Nasty Nardo has Houston on his mind.
"As far as rap goes, Memphis complements Houston and vice versa," the South Memphis rapper says. "We're the only two cities where soul motivates our music. We both use real soulful instrumentation. We've both got that rich musical heritage, where a kid can go down the street and find someone who can pick up a guitar or a bass instead of always relying on beats. It's a real big thing."
S&S Entertainment publicist Go'diloX agrees.
"Houston is the hottest market right now; that's our backyard," she says.
H-Town rappers Paul Wall, Rick Ross, and E-40 are making the 575-mile trek to Memphis for CrunkFest '06.
The locally produced rap festival, now in its third year, is scheduled to go down at the Mid-South Coliseum Saturday, July 1st.
This year, the Saturday concert is just one component of the event, which includes a CrunkFest Men of Comedy show with Shawdy Shawdy, Damon Williams, and EarthQuake at the Orpheum Theatre, a celebrity basketball tournament held at LeMoyne-Owen College, and an underground talent contest slated for Tower Records.
S&S Entertainment, which is headed by Yo Gotti manager Peppa Williams, regularly promotes and produces concerts at the Plush Club and other area venues.
"We're the premier promotion team in Memphis," Go'diloX says. "We pitched CrunkFest to BET, and they were excited, even though they'd never heard of it," she says, explaining that Rap City host Mad Linx will emcee the concert, parts of which will be broadcast on the cable channel.
"We have a huge VIP list this year, people coming in from Miami, Houston, and New York," she continues, "people who have never been to Memphis, but they know we're the home of crunk."
Still reveling in their Oscar win, Three 6 Mafia are slated to headline CrunkFest, which will also feature Remy Ma, Al Kapone, and local underground heroes Mac E, Criminal Manne, and Yung Kee.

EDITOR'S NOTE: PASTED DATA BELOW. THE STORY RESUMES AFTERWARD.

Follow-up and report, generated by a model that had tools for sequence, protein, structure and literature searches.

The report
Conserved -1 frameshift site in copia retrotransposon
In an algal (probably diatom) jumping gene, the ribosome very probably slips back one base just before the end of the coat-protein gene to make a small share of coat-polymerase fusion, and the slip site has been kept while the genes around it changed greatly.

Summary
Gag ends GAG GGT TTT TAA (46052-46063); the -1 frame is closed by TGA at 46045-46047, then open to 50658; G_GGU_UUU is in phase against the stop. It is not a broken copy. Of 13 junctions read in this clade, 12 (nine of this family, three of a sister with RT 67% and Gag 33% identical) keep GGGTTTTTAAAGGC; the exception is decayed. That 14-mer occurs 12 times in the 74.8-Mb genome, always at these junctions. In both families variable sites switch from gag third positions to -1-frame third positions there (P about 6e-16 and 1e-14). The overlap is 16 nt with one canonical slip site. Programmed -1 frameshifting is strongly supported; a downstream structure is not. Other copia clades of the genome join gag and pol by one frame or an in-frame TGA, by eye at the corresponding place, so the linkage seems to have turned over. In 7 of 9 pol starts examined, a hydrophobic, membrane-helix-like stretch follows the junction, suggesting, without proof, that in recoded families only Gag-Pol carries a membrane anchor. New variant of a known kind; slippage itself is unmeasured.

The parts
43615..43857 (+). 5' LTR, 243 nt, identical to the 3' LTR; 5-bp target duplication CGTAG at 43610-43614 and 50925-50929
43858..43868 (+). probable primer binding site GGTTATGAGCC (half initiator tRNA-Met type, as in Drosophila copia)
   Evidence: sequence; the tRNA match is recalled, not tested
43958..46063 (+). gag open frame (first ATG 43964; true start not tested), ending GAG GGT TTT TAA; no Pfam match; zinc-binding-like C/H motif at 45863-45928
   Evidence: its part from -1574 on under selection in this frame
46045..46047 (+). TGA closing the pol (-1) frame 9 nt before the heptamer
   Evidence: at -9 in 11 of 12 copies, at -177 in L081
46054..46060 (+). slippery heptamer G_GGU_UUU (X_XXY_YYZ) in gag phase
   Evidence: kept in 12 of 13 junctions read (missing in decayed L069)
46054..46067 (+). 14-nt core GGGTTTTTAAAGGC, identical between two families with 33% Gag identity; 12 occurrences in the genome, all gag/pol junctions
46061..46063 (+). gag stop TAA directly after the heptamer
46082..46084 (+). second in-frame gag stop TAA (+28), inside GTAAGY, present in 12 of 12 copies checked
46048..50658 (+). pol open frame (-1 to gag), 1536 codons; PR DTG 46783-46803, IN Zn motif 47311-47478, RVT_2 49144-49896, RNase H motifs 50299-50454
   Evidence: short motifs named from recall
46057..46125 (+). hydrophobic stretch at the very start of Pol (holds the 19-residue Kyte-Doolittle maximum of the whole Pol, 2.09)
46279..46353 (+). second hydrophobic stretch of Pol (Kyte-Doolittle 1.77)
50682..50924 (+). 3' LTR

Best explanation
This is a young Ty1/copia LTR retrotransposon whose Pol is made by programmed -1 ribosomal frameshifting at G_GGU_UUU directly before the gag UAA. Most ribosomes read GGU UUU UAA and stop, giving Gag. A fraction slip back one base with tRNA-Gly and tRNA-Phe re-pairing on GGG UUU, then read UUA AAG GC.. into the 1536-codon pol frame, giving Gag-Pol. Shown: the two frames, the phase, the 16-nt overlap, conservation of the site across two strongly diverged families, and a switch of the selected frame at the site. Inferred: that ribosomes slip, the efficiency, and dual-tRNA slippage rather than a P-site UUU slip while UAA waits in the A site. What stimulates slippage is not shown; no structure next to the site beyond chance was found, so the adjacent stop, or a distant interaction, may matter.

This will be the second CrunkFest appearance for Nardo, who sees the event as a "huge opportunity" for both local performers and fans of the genre.
"We don't get the chance to perform in a venue like the Coliseum very often," he notes. "Most of the time, we're on the chitlin circuit and shit like that. This gives us the chance to put a real show on."
Plus, as both Nardo and Go'diloX point out, CrunkFest affords teenagers a rare opportunity to party with their favorite rappers.
"Unless we go out to the high schools, they never see us," says Nardo, who will be performing his latest underground hits "Don't Watch Me, Watch TV" and "Take a Picture."
Despite media reports of it in past years, neither expects violence to come into play at the Coliseum, and, says Steve Fox, the facility's manager, "CrunkFest is a standard concert for us."
The first CrunkFest, held in June 2004, was marred by a feud between Three 6 Mafia and Yo Gotti.
"Both got ties to the streets, and when you had the two factions in there, the shit just jumped off," Nardo says. "Now, Three 6 have realized that they've alienated themselves from everybody else. There's a lot of resentment, and they're feeling it now. It's like, 'Ya'll got money, ya'll on top of your game, but guess what -- ya'll can't come kick it because of all the animosity.'"
This animosity has hurt the city's rap scene, Nardo says. "All the separation between North and South [Memphis], all the different factions and divisions, have hurt everybody."
"We'll be running CrunkFest cleaner and quicker than in past years," Go'diloX says. "We're not allowing large entourages backstage, and we'll be taking other precautions. But every event has some kind of altercation. We can't be everyplace at once.
"When we're not having a big show like this, we see these people every day on the streets. We're giving [local rappers] an outlet to perform in front of 10,000 people, and we want them to stick to their art or their craft. A lot of 'em can't wait for CrunkFest to come, and so they cooperate very well," she says, playing down problems like opposing local factions, whose loyalties run deep.
Go'diloX is already envisioning the 2007 CrunkFest as a weeklong event with seminars, parties, and more.
"This is our time to celebrate, and we want everything to be as smooth as possible," she says.